Look out for these unmistakable indicators that your boat might be due for a fresh coat of paint or even a complete strip-down to the bare surface:
- Flakes of paint peeling away, leaving jagged edges.
- The emergence of craters in the paintwork; a smooth hull surface is the norm.
- Appearance of blisters on the paint surface.
- Observable damage to the hull.
- Glossy paint starts to lose its shiny finish.
- Chalky blooms may start to appear.
- Pinholes can start to emerge.
- Cracking in paint
- Micro blisters
- Corrosion/rotting may start to appear.
The presence of micro blisters suggests that there is moisture beneath the barrier coat. While small blisters can be addressed individually but more significant or widespread blistering, consider employing a water meter to assess moisture levels within the hull. In cases where large blisters and potential osmosis are suspected, seeking professional expertise is advisable.
How often should I paint my boat?
Different parts of the boat may need painting at different times, parts of the boat such as the hull (below the water-line) will likely need more maintenance than the top side of the boat.
The longevity of the coating also hinges on factors such as the environmental conditions, the duration spent in the water, the age of the boat, and the types of coatings previously applied.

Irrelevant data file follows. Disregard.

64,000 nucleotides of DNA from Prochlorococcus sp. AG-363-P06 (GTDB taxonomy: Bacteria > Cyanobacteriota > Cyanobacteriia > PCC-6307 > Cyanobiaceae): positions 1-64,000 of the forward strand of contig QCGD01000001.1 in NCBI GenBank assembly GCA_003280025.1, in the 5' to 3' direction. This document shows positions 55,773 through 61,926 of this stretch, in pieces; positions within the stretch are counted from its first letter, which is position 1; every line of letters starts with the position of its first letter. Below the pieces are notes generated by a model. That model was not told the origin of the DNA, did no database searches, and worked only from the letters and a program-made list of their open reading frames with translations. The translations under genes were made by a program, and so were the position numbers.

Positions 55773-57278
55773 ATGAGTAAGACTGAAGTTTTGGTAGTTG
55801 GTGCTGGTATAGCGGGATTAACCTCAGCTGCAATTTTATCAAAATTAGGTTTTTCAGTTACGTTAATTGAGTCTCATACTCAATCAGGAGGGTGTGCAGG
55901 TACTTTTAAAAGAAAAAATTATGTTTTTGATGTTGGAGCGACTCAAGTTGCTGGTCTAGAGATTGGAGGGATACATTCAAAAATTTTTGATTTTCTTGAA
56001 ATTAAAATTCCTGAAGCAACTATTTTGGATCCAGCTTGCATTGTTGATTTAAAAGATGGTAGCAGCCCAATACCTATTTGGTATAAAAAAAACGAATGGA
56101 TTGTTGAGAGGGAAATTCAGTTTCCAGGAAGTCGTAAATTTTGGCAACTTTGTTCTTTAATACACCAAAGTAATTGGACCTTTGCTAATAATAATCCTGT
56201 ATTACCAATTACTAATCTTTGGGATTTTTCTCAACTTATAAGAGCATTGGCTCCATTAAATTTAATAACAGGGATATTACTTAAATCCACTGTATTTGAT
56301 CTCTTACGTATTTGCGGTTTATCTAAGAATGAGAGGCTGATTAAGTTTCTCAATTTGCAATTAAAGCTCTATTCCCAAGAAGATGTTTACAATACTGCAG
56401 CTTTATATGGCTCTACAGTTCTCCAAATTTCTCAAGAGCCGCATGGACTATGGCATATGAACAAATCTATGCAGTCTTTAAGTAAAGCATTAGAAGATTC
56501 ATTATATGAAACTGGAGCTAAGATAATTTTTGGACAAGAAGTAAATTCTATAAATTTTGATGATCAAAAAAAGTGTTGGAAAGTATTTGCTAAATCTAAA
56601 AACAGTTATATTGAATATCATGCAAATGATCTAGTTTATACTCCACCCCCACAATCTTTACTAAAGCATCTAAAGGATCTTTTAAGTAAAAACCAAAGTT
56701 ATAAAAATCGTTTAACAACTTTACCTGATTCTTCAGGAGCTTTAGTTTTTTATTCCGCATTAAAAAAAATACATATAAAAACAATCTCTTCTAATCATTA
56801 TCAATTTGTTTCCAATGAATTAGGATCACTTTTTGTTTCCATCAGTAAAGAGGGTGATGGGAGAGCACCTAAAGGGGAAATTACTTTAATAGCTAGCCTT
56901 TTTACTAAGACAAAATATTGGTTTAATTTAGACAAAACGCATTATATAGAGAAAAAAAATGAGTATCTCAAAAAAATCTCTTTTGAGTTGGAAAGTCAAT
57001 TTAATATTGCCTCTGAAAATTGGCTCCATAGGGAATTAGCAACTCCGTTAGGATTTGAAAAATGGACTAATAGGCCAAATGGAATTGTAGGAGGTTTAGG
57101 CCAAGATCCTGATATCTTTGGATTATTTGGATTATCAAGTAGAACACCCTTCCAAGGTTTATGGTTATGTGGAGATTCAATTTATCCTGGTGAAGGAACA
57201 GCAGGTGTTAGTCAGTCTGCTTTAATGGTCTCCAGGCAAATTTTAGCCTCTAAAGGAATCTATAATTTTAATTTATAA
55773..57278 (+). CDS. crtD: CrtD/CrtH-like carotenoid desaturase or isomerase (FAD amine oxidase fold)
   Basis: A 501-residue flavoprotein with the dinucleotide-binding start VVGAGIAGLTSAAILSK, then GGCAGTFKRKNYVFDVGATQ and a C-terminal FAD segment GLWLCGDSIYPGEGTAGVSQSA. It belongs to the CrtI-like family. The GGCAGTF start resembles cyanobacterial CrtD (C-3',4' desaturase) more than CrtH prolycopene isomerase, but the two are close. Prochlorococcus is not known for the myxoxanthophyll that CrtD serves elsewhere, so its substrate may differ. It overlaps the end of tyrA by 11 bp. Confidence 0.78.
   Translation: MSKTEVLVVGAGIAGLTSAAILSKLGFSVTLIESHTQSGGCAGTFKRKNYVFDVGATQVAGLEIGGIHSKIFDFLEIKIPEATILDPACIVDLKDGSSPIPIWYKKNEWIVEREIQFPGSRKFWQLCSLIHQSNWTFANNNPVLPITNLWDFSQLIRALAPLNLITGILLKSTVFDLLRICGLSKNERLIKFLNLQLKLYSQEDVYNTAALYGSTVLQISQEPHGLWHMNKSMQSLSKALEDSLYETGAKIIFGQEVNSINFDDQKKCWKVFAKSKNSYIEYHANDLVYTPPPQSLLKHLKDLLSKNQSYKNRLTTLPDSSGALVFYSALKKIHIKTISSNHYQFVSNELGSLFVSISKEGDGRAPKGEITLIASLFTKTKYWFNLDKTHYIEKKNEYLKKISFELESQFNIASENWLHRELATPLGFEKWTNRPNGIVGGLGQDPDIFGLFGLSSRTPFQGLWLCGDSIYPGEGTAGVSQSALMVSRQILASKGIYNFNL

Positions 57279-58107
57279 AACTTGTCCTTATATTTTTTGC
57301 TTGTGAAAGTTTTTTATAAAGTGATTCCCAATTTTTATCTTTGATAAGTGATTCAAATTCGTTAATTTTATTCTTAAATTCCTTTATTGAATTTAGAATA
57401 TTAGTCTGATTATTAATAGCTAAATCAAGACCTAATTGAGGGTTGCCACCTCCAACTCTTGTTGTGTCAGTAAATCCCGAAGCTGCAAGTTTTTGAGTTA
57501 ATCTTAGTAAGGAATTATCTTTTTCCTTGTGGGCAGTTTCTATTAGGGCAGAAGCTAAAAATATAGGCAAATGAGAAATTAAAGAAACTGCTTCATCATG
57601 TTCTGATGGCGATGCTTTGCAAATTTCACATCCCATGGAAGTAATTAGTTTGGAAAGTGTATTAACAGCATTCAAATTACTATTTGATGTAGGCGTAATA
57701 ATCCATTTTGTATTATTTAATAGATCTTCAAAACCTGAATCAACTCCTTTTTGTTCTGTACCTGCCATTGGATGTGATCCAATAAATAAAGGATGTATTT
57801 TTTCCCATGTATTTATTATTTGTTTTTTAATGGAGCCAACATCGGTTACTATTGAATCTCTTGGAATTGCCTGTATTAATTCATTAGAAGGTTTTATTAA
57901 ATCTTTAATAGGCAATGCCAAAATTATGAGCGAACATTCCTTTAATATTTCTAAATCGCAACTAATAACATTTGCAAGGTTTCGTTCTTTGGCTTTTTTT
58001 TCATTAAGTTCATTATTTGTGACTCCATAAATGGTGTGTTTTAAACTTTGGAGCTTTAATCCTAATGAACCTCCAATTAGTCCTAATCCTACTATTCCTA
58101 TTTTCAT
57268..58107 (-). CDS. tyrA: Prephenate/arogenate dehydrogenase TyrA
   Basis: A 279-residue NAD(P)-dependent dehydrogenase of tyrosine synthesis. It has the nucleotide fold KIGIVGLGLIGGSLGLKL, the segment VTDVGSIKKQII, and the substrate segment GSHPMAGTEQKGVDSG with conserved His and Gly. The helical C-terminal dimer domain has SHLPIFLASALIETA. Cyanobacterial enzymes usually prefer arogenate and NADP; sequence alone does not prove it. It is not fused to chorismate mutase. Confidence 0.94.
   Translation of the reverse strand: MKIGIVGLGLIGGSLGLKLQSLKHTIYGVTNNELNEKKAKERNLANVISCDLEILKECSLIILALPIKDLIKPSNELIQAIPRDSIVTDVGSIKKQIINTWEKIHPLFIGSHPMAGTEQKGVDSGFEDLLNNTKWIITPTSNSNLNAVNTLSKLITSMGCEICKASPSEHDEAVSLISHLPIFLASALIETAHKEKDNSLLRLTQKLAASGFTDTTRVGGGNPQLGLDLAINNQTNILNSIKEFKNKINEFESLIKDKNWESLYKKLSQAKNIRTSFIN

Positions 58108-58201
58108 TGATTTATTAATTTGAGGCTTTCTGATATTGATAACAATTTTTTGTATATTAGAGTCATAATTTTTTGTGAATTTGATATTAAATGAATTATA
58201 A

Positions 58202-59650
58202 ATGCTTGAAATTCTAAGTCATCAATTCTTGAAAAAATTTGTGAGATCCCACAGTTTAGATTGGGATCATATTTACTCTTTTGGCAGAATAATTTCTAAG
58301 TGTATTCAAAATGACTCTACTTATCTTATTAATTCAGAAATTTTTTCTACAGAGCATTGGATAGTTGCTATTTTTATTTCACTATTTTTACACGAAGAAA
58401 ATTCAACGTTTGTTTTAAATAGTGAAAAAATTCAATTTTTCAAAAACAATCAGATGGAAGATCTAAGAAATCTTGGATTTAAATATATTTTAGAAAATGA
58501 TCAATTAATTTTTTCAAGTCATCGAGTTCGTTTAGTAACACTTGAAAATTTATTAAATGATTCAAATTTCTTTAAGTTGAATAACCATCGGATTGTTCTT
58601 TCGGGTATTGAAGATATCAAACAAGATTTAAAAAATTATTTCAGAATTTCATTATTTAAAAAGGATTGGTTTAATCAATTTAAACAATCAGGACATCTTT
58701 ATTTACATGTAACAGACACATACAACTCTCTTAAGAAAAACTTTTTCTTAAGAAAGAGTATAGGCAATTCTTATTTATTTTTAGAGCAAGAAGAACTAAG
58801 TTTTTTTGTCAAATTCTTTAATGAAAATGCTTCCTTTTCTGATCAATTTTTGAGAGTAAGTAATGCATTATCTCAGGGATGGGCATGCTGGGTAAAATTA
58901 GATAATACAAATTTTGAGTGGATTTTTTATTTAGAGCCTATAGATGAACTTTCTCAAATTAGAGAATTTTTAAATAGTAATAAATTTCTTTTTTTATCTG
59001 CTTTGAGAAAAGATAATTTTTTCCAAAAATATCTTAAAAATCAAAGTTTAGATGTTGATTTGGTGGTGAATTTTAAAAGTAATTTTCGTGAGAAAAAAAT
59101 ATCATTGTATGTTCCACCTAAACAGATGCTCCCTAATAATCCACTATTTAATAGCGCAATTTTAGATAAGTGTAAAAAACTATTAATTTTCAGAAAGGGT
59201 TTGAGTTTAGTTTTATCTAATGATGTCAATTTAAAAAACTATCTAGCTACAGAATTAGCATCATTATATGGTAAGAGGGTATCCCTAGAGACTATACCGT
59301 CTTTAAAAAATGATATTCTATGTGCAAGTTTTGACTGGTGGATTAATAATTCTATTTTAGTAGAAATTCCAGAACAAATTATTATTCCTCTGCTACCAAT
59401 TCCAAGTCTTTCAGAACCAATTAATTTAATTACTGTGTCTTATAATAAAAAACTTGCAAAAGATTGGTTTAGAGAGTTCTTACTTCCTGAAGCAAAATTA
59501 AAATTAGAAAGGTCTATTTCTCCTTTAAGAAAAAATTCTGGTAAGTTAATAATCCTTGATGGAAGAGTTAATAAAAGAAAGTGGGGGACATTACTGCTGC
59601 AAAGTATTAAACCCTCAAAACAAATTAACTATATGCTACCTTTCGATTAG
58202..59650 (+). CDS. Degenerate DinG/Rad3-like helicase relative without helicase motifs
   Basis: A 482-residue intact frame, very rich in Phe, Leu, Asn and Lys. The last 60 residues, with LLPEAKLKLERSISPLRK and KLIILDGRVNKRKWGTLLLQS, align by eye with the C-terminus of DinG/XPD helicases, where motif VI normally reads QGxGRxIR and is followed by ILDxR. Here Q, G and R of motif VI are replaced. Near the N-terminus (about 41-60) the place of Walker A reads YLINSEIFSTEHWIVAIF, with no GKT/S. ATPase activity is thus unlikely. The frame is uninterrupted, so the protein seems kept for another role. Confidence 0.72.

As an illustration, let's take a closer look at Teamac Antifouling. Specifically formulated for application below the waterline, this coating is primarily utilised in saltwater environments. The anticipated lifespan of Teamac Antifouling is approximately 18 - 24 months. Notably, all our anti-fouling products are ablative in nature. Ablative coatings gradually wear away over time, releasing biocides to prevent the growth of fouling organisms on the hull. This unique characteristic ensures ongoing effectiveness in marine environments, providing reliable protection against marine growth for the specified duration. It's important to anti-foul your boats hull regularly not only enhances the vessel's overall performance but also help maintain its fuel efficiency, manoeuvrability, and structural integrity.
The topsides of the boat could be starting to look dull, this indicated that the protective feature in the coat has begun wearing away and the pigment starts to leave the paint. It is always best to freshen up when this occurs to keep the substrate of your boat as protected and fresh looking as possible.
What marine paint should I use and how should I prepare it?
When it comes to preparing the surface and picking the right paint, it all depends on the substrate, the current condition of the substrate, which section of the boat you're painting and what
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